How to Save Money on Groceries

how to save money on groceries
So far in our journey to debt freedom I've shared our debt-free planour budget, and our cash categories.

Today, I'm sharing a little more about how we save money on groceries. Because a penny saved is a penny earned, right?

Recently, a friend said she noticed our "incredibly low grocery bill" on one of my recent posts. We budget $100/week and can often spend around $75/week. I've talked about it some here and here. Then, she asked how we keep it so low.

The day she asked that we had spent $120 on groceries and household essentials (things like laundry detergent, toilet paper, and cosmetics are included in our grocery budget). That's pretty high for us. But two things came to mind: 1. $120 for some families is actually pretty low, and 2. looking at why it was higher is a good indicator of what things keep it down the other weeks.

Tips for Saving Money on Groceries

Here's what I noticed that keeps our grocery bill down...

Grocery Money-Saving Tip #6 | Stock up only on the always used/versatile items.

Limit snacks.

I generally try not to buy too many snacks because I don't feel like the kids need them (thanks to Bringing Up Bebe and the French's anti-snack tradition) and we eat them too quickly. It adds up when I buy granola bars, wheat thins, graham crackers, gold fish, etc. (which I did that week). It's better if I can limit this to a couple cracker options and fruit.

Shop when full.

Such a simple thing, but when I've just eaten I always stick to the list and make better choices. When I'm hungry, everything sounds good and feels like a need (i.e., a full stock of crackers).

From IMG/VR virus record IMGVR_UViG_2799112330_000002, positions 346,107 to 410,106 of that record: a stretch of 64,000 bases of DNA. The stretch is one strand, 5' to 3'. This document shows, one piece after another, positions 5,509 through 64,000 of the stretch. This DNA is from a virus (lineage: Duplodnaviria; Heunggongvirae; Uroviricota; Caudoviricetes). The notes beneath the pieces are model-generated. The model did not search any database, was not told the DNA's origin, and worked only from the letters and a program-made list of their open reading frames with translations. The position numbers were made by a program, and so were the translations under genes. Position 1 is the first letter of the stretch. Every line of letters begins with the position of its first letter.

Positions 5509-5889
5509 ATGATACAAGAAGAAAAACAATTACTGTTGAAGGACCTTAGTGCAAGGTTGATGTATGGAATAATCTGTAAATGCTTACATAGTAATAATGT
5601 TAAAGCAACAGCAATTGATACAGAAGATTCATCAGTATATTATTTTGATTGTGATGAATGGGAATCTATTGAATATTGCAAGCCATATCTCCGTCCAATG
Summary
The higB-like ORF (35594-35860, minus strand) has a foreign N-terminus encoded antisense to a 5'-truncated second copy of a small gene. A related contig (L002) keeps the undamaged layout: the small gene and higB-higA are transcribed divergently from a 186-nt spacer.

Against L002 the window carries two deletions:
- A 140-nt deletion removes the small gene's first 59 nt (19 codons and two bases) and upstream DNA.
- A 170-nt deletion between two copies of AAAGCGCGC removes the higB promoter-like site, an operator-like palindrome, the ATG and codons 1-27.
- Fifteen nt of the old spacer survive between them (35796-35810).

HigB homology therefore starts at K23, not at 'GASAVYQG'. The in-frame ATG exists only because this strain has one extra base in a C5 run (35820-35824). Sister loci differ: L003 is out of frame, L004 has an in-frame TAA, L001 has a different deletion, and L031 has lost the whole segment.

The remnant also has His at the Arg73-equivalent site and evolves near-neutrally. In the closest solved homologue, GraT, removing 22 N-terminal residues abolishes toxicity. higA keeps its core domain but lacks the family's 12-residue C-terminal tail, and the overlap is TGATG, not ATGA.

Make a meal plan and shopping list. And stick to it.

Meal-planning, making a detailed shopping list, and sticking to it play a huge part in keeping our bill low. I made a meal plan and list that week, but I added extra things (see "shop when full" :)

Plan simple meals.

Our cheapest weeks, by far, are when we eat simple, few-ingredient meals. A box of whole wheat pasta and a jar of sauce is cheaper (and easier) than the fancier homemade sauces and pasta dishes (yet healthier than Kraft mac n cheese). Right now I'm aiming for a balance of healthy enough while staying cheap. We eat a lot of the same stuff, maybe even too often: homemade chilli + cornbread, haystacks, beans and rice, rice and curry, pasta + sauce, tacos, etc. For suppers we have sandwiches and smoothies (fits in with our evenings at the gym--when we go).

Rely on staples.

That week we were out of some of our go-to items: beans, rice, coconut oil, frozen fruit, etc. Usually our first week of the month is a little higher because we restock on these items, then the rest of the weeks are cheaper because we already have these items on hand for easy and healthy meals.

Stock up on the always used/versatile items.

That said, we don't really "stock up" on things. We only buy what we need for the week. Except for things like baking supplies, beans, rice, pasta, bread, smoothie supplies. Those are items we use every single week, don't go bad quickly, and can easily become a meal if we delay going shopping again for a day or two.

Get used to leftovers.

Our small family can easily make one meal and eat it twice. This saves time and money by not having to exert energy for an entirely new meal, and not having to use all new ingredients. Sometimes this might mean simply reheating a meal from the day or two before. Other times it might involve repurposing yesterday's leftover chili into today's tacos.

Those are the primary things that help us save money. (And, when not followed, the reasons we go over budget.)

After sharing these with my friend, she replied with two things that changed and really affected their budget:

1 | She started planning simple meals (#4 above). She said the more complex meals didn't get made, and the ingredients for them would go to waste.

2 | After going back to school, her mom offered to do her grocery shopping to help out with her family responsibilities. This means she needed to make a specific list, and her mom stuck to it (#3 above). Someone else isn't likely to make impulse buys for you. We could all use that kind of accountability! For our budgets and our health.


also read:
finances, simplified
cash envelope system
monthly dose of simple

linked up: everything frugal